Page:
in the world; and I am sorry to read that Professor
Owen has thought proper to see and say that many of
them are the bones of lower orders of animals.
They are built into the walls of the church, arranged
about the choir, interred in stone coffins, laid under
the pavements; and their skulls grin at you everywhere.
In the chapel the bones are tastefully built into
the wall and overhead, like rustic wood-work; and
the skulls stand in rows, some with silver masks, like
the jars on the shelves of an apothecary’s shop.
It is a cheerful place. On the little altar is
the very skull of the saint herself, and that of Conan,
her lover, who made the holy pilgrimage to Rome with
her and her virgins, and also was slain by the Huns
at Cologne. There is a picture of the eleven
thousand disembarking from one boat on the Rhine,
which is as wonderful as the trooping of hundreds of
spirits out of a conjurer’s bottle. The
right arm of St. Ursula is preserved here: the
left is at Bruges. I am gradually getting the
hang of this excellent but somewhat scattered woman,
and bringing her together in my mind. Her body,
I believe, lies behind the altar in this same church.
She must have been a lovely character, if Hans Memling’s
portrait of her is a faithful one. I was glad
to see here one of the jars from the marriage-supper
in Cana. We can identify it by a piece which
is broken out; and the piece is in Notre Dame in Paris.
It has been in this church five hundred years.
The sacristan, a very intelligent person, with a shaven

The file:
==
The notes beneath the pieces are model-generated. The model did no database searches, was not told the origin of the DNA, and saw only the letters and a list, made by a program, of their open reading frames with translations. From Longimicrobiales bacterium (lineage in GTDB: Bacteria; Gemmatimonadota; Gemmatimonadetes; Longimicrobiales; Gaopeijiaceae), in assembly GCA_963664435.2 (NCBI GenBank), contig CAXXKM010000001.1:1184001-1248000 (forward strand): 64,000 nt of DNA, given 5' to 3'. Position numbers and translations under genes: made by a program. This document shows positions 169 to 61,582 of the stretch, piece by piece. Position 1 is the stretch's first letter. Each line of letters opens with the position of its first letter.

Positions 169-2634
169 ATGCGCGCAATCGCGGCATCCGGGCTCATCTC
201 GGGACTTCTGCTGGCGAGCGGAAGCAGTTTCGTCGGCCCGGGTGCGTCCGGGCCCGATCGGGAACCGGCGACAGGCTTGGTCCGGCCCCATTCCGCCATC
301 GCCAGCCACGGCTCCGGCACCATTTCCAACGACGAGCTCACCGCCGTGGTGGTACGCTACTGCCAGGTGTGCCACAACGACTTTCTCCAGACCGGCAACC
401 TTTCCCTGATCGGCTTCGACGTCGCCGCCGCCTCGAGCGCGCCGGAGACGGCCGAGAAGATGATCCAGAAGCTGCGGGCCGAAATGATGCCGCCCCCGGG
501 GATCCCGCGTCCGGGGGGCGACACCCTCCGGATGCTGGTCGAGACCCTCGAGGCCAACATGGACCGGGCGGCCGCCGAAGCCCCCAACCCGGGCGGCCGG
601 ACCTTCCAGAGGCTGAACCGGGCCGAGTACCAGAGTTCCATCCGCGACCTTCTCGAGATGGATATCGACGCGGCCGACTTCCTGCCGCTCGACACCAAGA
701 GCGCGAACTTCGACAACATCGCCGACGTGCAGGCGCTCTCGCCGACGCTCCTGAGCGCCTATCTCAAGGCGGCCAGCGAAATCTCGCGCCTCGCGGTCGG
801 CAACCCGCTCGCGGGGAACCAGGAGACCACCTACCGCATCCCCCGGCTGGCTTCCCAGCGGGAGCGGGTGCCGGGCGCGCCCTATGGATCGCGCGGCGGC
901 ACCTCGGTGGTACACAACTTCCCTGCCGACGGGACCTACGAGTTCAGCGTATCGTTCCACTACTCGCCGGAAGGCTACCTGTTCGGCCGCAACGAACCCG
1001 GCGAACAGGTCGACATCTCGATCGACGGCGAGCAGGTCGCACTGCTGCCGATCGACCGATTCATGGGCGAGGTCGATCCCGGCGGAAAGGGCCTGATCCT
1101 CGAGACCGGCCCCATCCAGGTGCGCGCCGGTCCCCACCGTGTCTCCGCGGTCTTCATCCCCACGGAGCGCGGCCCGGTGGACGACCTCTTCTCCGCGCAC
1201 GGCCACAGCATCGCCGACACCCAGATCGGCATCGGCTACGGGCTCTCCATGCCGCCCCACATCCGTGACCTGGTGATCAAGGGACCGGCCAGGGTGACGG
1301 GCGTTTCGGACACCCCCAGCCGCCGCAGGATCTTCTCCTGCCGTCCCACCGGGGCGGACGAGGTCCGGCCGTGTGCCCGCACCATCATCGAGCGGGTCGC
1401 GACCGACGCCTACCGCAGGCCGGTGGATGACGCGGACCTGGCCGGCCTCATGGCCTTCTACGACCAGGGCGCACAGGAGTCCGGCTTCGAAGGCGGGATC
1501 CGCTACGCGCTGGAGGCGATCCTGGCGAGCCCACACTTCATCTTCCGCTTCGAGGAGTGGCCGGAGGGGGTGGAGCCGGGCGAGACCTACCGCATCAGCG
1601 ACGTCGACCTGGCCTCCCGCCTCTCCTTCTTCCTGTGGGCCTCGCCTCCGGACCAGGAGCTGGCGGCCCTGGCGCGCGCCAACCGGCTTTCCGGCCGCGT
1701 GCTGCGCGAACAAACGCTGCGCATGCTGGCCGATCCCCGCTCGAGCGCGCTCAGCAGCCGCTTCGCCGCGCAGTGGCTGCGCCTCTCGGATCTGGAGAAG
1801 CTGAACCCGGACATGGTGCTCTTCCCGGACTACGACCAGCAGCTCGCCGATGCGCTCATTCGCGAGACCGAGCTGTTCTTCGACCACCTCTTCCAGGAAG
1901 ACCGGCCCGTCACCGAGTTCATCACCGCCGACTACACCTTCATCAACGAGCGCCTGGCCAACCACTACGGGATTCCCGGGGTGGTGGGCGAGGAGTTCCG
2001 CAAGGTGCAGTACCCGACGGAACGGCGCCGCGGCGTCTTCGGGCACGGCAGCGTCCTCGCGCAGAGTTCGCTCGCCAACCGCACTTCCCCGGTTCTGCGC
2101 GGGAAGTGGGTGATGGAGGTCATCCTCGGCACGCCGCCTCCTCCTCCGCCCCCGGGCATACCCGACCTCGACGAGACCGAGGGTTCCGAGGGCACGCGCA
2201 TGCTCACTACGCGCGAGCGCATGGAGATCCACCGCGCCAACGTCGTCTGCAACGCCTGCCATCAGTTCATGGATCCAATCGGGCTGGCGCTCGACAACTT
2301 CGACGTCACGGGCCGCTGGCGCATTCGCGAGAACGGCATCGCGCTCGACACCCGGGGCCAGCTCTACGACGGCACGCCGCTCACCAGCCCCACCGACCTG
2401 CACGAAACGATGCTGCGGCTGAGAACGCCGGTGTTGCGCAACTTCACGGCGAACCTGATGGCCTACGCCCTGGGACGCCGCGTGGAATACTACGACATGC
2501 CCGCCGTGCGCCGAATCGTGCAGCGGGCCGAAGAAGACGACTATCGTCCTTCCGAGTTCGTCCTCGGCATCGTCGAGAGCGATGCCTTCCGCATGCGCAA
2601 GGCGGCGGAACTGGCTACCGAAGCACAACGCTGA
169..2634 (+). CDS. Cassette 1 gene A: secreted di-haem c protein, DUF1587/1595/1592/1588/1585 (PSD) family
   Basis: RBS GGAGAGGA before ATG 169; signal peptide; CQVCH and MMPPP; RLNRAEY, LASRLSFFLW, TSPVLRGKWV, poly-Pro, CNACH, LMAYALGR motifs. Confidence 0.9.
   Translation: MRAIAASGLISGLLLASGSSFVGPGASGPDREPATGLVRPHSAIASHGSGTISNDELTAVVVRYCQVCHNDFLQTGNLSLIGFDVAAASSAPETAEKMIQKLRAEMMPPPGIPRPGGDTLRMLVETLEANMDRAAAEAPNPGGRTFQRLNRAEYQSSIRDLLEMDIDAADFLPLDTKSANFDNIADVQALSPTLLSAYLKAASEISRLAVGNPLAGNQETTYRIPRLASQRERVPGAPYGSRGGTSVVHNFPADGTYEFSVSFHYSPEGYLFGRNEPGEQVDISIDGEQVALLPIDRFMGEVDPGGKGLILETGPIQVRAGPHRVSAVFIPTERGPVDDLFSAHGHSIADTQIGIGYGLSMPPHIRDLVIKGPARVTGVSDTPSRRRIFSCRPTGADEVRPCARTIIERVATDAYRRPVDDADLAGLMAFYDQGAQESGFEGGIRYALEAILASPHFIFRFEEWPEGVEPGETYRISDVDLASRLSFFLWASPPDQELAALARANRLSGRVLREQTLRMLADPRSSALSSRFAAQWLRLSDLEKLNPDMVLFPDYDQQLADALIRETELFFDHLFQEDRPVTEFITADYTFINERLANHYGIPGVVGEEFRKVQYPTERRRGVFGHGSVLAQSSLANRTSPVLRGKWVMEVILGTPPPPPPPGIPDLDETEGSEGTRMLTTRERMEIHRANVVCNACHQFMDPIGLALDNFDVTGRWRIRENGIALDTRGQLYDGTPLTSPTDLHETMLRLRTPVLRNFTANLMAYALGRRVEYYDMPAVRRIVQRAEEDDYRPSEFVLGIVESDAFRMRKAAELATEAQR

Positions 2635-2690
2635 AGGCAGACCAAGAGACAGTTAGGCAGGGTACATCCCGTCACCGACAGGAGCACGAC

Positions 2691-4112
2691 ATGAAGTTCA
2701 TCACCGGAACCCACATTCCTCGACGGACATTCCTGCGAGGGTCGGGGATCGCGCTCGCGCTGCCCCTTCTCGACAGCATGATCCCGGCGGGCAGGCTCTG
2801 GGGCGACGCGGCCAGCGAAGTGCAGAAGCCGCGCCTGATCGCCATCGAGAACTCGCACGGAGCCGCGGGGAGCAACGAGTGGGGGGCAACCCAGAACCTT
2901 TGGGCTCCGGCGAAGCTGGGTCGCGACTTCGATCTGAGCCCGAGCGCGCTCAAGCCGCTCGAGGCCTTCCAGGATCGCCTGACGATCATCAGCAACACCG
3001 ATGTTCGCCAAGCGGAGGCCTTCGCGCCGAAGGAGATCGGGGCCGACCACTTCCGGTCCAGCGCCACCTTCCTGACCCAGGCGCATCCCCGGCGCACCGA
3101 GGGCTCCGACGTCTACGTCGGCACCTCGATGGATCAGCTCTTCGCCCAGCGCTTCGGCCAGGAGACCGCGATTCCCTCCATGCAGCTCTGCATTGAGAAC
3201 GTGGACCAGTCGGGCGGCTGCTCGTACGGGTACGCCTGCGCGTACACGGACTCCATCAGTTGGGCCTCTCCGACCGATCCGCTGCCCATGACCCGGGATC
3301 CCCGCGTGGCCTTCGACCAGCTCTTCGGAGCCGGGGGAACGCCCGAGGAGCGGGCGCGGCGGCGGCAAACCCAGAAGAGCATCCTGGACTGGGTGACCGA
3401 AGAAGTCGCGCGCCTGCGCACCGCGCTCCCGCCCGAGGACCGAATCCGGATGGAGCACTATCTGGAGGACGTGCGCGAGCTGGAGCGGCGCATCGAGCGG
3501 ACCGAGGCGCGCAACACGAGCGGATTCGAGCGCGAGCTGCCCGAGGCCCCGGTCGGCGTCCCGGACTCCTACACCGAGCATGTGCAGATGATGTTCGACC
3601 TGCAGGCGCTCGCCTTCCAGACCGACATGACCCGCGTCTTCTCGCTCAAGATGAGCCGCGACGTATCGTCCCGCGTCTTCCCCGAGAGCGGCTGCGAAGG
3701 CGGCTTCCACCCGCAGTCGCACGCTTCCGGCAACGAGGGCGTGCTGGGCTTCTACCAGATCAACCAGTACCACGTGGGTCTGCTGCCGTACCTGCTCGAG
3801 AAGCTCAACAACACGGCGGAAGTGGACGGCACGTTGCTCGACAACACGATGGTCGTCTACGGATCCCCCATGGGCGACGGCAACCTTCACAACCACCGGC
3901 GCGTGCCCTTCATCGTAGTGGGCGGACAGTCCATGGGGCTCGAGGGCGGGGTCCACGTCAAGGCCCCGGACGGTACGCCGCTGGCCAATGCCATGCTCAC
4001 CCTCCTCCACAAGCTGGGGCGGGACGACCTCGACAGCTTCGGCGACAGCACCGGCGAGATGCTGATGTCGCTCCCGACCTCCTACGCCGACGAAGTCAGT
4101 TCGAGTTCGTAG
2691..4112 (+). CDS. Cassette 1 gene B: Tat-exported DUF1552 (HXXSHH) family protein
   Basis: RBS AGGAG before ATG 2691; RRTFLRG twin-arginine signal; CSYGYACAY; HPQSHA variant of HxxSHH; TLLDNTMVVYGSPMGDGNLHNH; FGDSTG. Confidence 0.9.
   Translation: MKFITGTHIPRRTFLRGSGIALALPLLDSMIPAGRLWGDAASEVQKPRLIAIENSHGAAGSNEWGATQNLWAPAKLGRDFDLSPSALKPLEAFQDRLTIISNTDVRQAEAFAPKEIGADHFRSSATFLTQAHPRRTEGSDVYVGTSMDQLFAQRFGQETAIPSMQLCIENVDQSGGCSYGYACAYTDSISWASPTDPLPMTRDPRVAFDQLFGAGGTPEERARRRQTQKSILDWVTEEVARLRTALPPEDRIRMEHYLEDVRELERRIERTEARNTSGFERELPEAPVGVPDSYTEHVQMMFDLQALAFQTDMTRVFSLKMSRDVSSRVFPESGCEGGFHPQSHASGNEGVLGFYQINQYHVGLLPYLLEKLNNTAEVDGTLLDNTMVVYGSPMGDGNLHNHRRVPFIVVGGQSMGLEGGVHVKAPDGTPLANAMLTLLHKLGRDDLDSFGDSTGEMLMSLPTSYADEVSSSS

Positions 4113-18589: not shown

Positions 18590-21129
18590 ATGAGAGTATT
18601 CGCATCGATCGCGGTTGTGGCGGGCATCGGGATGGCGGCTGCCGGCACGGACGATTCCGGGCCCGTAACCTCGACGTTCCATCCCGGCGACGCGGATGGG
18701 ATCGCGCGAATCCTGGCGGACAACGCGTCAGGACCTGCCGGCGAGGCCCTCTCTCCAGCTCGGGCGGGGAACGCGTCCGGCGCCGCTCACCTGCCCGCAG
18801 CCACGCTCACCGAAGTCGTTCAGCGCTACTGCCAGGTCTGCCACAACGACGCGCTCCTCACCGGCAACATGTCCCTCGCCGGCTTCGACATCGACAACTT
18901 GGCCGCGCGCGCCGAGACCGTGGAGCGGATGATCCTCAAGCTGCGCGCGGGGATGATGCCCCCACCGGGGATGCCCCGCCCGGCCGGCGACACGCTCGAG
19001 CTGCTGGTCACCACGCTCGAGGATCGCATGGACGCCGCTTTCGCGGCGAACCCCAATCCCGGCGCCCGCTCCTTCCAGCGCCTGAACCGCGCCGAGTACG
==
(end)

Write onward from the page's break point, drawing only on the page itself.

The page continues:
crown and his hair cut straight across his forehead,
who showed us the church, gave us much useful information
about bones, teeth, and the remains of the garments
that the virgins wore; and I could not tell from his
face how much he expected us to believe. I asked
the little fussy old guide of an English party who
had joined us, how much he believed of the story.
He was a Protestant, and replied, still anxious to
keep up the credit of his city, “Tousands is
too many; some hundreds maybe; tousands is too many.”
You have seen the Rhine in pictures; you have read
its legends. You know, in imagination at least,
how it winds among craggy hills of splendid form,
turning so abruptly as to leave you often shut in with
no visible outlet from the wall of rock and forest;
how the castles, some in ruins so as to be as unsightly
as any old pile of rubbish, others with feudal towers
and battlements, still perfect, hang on the crags,
or stand sharp against the sky, or nestle by the stream
or on some lonely island. You know that the Rhine
has been to Germans what the Nile was to the Egyptians,—a
delight, and the theme of song and story. Here
the Roman eagles were planted; here were the camps
of Drusus; here Caesar bridged and crossed the Rhine;
here, at every turn, a feudal baron, from his high
castle, levied toll on the passers; and here the French
found a momentary halt to their invasion of Germany